Advance Health Care Directives (Health-care Power of Attorney) are written instructions that tell others how you want your health care managed when you are not able to do so yourself. Advance health care directives generally include an "Appointment of Health Care Representative." You appoint someone to make health care decisions for you in the event you are unable to do so yourself.
Living Will is a written document where you state how you want your end of life medical care handled. You also give instruction should you decide to donate any of your body parts upon your death ( Anatomical Donations).
Durable Power of Attorney (Property and Financial Power of Attorney) allows you to appoint someone to manage your assets if you become incapacitated. The person you appoint can have broad powers to act but should at a minimum have the powers to (a) manage and transfer your assets, (b) create or amend trusts on your behalf, (c) pay taxes and deal with the IRS, and (d) make gifts.
Last Will and Testament is instructions to the court and your legal representative. It is a written document that names the proposed guardians for your minor children and states how you would like your assets distributed at your death, and names an executor to facilitate the management of your will during the probate process. If you die without a valid will (known as dying intestate) your assets will be divided up according to State statute.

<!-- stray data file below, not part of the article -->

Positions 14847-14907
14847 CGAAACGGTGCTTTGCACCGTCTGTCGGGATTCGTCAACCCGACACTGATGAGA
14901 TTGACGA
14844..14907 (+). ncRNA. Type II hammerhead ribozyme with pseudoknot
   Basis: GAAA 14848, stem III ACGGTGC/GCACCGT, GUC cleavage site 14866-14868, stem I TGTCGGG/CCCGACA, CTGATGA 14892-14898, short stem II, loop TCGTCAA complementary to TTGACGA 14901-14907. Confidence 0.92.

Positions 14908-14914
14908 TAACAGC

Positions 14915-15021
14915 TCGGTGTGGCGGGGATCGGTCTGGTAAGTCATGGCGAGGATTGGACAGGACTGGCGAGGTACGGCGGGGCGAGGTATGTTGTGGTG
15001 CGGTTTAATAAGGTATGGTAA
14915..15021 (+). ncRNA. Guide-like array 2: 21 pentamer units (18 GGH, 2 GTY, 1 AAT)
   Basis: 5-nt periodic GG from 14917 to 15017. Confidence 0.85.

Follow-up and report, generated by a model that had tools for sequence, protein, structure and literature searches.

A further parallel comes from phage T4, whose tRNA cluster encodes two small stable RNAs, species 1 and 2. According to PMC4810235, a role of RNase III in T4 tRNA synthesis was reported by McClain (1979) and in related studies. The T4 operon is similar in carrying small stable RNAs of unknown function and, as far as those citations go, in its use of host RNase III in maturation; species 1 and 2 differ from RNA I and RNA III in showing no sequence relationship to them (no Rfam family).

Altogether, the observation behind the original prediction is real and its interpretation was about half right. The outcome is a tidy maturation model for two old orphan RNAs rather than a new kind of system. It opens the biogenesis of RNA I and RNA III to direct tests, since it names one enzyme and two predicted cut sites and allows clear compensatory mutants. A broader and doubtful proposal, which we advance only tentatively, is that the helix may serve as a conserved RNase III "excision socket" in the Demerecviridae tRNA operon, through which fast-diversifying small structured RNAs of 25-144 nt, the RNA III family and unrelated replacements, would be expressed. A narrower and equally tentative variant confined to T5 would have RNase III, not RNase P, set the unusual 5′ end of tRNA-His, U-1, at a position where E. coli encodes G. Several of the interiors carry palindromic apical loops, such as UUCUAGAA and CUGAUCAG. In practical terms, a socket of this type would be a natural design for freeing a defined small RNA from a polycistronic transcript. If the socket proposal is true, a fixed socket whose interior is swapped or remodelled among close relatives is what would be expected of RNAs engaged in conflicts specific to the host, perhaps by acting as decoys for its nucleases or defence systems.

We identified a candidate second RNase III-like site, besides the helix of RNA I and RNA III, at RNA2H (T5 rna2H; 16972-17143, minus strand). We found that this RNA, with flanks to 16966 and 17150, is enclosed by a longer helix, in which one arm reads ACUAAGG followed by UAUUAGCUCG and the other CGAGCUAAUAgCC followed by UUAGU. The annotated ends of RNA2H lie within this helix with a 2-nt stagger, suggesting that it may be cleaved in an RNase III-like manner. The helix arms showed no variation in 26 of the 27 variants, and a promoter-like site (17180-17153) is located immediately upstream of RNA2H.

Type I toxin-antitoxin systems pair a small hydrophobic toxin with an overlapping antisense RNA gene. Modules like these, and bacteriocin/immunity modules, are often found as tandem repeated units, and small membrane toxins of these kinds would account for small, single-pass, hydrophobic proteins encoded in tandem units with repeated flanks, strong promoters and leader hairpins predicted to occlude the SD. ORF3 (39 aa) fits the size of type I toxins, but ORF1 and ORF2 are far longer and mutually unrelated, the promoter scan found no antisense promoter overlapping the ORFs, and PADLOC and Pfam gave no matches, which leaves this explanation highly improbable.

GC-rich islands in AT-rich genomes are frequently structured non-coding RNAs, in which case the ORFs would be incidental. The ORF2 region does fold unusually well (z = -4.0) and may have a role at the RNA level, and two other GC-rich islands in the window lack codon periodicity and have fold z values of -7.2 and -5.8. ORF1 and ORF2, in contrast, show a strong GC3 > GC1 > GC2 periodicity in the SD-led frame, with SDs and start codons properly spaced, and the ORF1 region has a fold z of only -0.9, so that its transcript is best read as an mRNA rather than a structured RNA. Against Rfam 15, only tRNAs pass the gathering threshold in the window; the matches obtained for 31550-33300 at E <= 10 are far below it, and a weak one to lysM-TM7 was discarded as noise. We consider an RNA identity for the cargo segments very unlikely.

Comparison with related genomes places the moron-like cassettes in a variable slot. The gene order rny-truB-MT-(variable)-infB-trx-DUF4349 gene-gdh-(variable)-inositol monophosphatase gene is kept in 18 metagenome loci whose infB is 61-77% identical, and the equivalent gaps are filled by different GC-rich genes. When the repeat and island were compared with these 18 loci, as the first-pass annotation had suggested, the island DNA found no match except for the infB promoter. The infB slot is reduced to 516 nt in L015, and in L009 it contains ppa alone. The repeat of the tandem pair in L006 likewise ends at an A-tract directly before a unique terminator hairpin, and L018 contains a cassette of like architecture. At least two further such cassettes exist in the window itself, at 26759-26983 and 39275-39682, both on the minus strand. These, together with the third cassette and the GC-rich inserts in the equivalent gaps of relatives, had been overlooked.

Trusts are legal constructs that allows you to create a separate legal entity to hold your assets. They are very flexible and are of many different types. The type of trust used is dependent on your specific goals and circumstances
Trusteeis a person or institution named to manage the assets for the benefit of you and your beneficiaries
Revocable Living Trust is a trust created and funded during your lifetime and you often name yourself as trustee to maintain control of the assets until your death or incapacity
Testamentary Trust is atrust created after your death by a provision in your will.
Probate is the public process of filing and validating a 'will" in court. It allows claimants to come forward and ask for payment of debts owed by the estate. The probate court oversees the distribution of the assets in the estate either according to the terms of a valid will or under state law if there is no will. Some assets that avoid probate are life insurance and annuity contracts with a valid beneficiary designation, valid gifts made prior to death, assets held in joint tenancy with rights of survivorship, retirement plans and IRA’s with valid beneficiaries, and assets held in living trusts.